Both the marinas Paul called were full but one said we could anchor outside the yacht club. It soon became clear why they were full when a succession of yachts came motoring out of the marina with banners and flags displaying the name of another regatta. As Paul commented, we saw more yachts in an hour that morning than we’d seen in the whole of the Philippines. The spot outside the yacht club didn’t appeal to us and was too far away from where we wanted to be. We returned to the beach area that we’d noted as a possible place to stop and were delighted to be confronted with lots of little optimist boats with youngsters from a local sailing school having a whale of a time. They used our boat as a marker to go around, which made steering a bit tricky as there were quite a few of them. We were hoping to tie to one of the mooring buoys. A guy on a nearby boat, who Paul asked whether they were for public use wasn’t sure and suggested we just use one, then check with a man at the large bar/restaurant establishment on the shore. This time, I steered us towards the buoy, the sailing school gang still sticking perilously close to us. Paul hooked it and once secured to it, dinghied over to check if it was ok to stay there. He returned with the news that not only was it was fine for us to stay, it was free too.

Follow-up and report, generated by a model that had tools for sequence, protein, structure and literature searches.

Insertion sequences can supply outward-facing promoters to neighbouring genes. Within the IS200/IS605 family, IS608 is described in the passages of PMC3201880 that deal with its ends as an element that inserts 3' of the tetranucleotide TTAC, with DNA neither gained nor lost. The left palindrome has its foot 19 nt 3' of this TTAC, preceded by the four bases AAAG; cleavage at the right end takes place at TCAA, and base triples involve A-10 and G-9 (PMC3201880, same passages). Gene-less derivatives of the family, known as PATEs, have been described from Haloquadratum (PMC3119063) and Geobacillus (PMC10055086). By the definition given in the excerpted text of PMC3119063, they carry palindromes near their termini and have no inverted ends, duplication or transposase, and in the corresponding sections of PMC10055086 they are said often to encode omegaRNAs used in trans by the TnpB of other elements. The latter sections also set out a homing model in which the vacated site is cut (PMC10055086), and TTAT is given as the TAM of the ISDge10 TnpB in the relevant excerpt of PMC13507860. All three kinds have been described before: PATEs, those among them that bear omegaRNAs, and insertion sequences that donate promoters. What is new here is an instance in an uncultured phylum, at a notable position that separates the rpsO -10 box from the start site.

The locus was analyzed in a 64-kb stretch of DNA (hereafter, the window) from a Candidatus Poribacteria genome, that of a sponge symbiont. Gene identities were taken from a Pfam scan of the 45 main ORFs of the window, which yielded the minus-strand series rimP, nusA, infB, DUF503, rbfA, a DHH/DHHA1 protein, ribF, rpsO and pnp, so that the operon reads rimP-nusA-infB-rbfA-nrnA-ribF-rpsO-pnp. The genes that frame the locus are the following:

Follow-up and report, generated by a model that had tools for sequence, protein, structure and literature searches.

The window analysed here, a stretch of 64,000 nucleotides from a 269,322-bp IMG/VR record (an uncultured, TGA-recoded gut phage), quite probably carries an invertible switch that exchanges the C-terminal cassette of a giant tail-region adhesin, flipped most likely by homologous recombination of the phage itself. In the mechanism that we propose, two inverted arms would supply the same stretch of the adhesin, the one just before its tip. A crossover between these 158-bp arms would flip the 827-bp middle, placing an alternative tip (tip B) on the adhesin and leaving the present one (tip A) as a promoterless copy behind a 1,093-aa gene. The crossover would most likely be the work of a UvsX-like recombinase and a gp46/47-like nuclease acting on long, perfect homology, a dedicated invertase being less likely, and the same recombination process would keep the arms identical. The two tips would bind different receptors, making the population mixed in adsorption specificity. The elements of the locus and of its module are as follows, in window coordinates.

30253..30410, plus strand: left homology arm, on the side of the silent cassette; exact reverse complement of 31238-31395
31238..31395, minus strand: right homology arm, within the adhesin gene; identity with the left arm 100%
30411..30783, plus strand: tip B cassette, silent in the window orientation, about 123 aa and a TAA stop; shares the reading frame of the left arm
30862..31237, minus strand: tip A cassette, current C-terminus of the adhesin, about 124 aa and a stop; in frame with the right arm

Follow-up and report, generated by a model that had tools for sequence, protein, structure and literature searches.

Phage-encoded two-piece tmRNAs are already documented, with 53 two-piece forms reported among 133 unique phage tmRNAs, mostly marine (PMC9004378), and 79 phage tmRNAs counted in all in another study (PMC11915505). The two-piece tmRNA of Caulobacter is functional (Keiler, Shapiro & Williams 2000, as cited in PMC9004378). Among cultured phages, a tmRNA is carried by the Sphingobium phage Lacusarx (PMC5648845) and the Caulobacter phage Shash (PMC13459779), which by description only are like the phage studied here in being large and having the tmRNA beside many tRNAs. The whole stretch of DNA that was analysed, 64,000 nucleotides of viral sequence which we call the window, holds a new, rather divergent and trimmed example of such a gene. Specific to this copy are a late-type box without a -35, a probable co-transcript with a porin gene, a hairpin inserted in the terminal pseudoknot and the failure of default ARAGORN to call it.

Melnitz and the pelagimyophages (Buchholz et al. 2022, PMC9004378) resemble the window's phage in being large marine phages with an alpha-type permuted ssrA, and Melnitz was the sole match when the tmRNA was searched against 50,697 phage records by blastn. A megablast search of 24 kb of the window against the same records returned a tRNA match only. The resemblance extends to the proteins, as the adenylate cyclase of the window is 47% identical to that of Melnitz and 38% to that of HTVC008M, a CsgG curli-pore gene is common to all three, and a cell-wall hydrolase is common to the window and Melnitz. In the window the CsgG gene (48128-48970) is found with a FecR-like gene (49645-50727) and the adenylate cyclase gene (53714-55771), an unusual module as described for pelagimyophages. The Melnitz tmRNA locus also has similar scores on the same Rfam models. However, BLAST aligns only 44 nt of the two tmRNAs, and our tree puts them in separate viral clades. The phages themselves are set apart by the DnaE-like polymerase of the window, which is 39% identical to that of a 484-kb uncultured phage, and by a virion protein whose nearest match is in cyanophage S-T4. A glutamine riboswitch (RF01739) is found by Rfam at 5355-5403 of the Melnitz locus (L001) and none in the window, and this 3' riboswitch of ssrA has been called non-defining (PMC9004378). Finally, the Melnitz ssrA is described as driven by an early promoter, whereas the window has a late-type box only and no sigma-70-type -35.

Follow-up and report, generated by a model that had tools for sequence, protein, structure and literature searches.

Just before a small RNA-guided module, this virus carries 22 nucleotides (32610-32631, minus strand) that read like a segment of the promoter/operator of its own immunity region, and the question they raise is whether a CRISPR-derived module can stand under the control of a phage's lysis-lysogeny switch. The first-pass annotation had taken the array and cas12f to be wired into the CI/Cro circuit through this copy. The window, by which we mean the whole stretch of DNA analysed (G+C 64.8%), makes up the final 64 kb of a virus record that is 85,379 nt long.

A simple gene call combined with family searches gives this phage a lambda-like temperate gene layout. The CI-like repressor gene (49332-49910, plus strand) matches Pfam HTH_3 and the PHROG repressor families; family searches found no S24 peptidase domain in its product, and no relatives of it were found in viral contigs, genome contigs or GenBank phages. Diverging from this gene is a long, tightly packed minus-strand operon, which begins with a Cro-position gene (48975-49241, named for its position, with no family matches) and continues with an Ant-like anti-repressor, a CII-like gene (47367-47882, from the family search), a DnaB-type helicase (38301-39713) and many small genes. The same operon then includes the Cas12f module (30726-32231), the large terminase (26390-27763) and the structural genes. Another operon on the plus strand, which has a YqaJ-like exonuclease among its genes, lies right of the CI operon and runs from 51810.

Researching Subic Bay online, one site referred to the wide range of American food on sale, apparently as a result of a US base situated there after the Second World War. The only hint of this we saw, however was a profusion of fast food joints. These diners were located behind the glitzy waterfront buildings and were part of a series of square, austere concrete complexes advertising ‘fries and steak’, ‘BBQ ribs’, ‘breakfast pancakes’ as well as the usual hot dogs, burgers and pizzas. This then, seemed to be the American fare mentioned online because we found little in the supermarkets that differed from standard products we’d become familiar with.
We were in the duty free area of Subic Bay so several outlets were advertising chocolate, cigarettes and alcohol as we strolled along in air heavy with humidity. Google maps showed us the way to the next town, Olongapo which was only a short distance away, but required us to cross what looked like a border patrol and I wondered if we should have brought our passports but no one stopped us. Olongapo was a busy, traffic-choked little town but we enjoyed ambling around it, and managed to find everything we needed to buy there.
The book I’d been reading about prisoners of war on Palawan had revealed how much the Filipino people had respected and helped the Americans during World War 2, often risking or losing their own lives to do so. The plaque in the picture is just one of several memorials to them I came across in the Philippines. The Oryoku Maru was one of the so called ‘hell ships’ used to transport prisoners and conditions on board were unbearably hard for the men crammed into the holds. It’s hard to read the inscription on the picture but this Wikipedia extract provides an adequate explanation of what happened.